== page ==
There were always some good restaurants. I still think that the best barbecue I’ve ever had was Aleck’s Barbecue Heaven. Atlanta was known for its barbecue then—at least in the black community it was. And there was competition over sauces and styles.
Where did you like to dine out then?
A friend of mine on the staff used to say that all the decisions are made in Atlanta by eight o’clock. So if you didn’t get to Paschal’s before 7 a.m. . . .
Is there a particularly memorable decision that was made over a meal at Busy Bee or Paschal’s?
In January 1968 we decided that the one thing we had not done was attack poverty. But poverty wasn’t just black, so we had 23 different ethnic groups’ organizations meet at Paschal’s and discuss how we would begin to put an end to poverty: black organizations from the cities and from the rural areas; the welfare rights movement; the senior citizens movement. They were half a dozen different Latino groups: the Mexican Americans from Colorado, the Chicanos from California, the Cubans and the Puerto Ricans from New York. We had about 10 different Native American tribes that all had grievances, and coal miners from Kentucky and West Virginia.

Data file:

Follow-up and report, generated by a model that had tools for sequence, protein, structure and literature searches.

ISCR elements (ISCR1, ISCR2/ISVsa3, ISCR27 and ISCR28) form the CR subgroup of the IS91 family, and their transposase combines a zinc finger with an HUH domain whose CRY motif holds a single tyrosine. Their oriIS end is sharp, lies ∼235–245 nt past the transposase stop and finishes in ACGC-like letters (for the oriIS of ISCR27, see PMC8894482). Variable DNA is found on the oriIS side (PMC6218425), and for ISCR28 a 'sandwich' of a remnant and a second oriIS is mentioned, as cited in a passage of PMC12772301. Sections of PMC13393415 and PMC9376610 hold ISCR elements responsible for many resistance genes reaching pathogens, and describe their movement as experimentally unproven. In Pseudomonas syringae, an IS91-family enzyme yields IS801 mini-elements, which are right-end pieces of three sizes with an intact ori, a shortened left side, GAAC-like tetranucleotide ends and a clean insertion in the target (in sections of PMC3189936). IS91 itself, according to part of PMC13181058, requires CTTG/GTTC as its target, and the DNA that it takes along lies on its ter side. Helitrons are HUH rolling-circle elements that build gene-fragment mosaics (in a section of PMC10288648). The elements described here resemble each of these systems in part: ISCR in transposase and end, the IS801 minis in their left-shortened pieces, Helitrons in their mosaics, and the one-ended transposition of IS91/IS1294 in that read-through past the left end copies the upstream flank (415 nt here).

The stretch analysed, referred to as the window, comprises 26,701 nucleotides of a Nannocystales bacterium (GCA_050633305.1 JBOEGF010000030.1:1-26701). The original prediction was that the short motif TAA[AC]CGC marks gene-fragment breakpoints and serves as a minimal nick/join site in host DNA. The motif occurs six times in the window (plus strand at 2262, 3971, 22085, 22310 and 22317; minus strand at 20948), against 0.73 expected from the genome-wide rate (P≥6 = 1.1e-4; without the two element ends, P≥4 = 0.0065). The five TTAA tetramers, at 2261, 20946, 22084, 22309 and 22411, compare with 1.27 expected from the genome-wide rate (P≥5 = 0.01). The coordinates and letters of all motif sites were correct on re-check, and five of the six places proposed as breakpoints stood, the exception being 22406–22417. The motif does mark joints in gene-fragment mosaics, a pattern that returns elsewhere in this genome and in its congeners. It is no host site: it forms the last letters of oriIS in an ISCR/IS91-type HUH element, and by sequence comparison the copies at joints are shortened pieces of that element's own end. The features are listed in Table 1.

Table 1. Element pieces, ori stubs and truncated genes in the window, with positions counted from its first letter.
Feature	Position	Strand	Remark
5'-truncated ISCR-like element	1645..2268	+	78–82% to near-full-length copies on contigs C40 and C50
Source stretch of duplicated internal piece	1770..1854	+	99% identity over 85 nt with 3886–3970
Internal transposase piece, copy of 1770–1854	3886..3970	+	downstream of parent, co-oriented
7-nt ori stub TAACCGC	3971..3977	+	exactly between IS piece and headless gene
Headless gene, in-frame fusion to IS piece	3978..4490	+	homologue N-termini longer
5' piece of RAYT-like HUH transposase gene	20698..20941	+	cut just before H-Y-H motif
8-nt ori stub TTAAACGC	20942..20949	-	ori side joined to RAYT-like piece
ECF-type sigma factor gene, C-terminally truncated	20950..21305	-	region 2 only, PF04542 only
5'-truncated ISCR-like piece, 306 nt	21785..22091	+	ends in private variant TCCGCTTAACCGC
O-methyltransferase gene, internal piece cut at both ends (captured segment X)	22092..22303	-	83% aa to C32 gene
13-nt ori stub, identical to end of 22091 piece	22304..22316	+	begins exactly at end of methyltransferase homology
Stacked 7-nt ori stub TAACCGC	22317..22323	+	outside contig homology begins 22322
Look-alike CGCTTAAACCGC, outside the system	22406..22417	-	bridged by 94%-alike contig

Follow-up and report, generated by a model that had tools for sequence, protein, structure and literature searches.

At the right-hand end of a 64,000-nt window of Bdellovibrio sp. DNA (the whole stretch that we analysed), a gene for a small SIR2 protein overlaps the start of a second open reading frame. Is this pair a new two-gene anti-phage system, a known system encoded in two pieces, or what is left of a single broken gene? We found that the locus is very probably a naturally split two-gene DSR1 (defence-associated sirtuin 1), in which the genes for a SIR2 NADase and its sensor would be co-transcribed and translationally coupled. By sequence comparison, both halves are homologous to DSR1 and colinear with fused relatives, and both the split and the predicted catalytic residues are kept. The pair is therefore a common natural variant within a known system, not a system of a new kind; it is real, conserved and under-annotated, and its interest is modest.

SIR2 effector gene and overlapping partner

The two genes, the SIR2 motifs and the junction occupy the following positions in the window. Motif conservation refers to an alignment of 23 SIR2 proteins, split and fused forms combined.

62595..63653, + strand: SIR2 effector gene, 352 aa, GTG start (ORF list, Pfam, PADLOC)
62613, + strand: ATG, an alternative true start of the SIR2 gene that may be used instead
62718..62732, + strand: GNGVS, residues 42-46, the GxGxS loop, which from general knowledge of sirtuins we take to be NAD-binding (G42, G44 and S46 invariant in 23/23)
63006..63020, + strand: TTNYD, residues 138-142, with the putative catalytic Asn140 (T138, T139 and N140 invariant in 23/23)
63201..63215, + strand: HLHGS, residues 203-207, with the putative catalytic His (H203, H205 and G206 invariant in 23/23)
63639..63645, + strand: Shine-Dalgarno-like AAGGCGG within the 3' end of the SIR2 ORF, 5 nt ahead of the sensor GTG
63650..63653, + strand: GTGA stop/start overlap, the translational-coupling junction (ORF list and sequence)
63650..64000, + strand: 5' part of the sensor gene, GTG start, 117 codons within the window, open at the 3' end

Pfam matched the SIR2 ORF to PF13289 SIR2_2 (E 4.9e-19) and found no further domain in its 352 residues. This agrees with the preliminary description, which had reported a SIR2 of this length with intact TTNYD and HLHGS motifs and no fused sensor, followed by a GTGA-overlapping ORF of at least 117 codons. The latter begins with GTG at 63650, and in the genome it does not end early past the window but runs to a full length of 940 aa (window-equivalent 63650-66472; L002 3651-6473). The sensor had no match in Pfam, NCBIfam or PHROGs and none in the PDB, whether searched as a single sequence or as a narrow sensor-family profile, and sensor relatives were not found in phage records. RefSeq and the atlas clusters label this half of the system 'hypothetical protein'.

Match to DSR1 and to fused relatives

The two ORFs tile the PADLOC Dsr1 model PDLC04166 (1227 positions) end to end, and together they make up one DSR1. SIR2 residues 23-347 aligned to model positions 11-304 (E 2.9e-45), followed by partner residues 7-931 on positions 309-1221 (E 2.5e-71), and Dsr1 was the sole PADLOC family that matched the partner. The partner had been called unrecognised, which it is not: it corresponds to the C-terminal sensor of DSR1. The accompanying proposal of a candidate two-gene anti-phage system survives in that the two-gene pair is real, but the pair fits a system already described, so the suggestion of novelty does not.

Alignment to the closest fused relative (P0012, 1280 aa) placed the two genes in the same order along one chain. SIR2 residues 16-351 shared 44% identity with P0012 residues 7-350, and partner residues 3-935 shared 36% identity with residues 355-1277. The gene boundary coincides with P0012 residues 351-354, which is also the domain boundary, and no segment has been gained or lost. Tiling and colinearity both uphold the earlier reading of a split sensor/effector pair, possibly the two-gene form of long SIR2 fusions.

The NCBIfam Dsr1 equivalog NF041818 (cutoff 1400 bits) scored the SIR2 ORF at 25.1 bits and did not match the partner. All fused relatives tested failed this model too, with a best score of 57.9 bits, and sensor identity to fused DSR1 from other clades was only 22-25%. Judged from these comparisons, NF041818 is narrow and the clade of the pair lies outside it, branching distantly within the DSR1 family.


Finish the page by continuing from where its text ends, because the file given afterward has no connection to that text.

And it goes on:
I’m sure there were many memorable meals you had with Dr. King, but does any one stick with you in particular?
My favorite restaurant is probably Joe’s Stone Crab in Miami because that’s where [King and I] went to dinner just before he went over to write his Nobel Prize speech. A couple of friends of his took us to Joe’s Stone Crab—that would have been in 1964. We were not three-meal-a-day eaters, but when we had a chance to eat, we really ate well. There was always somebody important that wanted to take Martin Luther King Jr. to his favorite restaurant.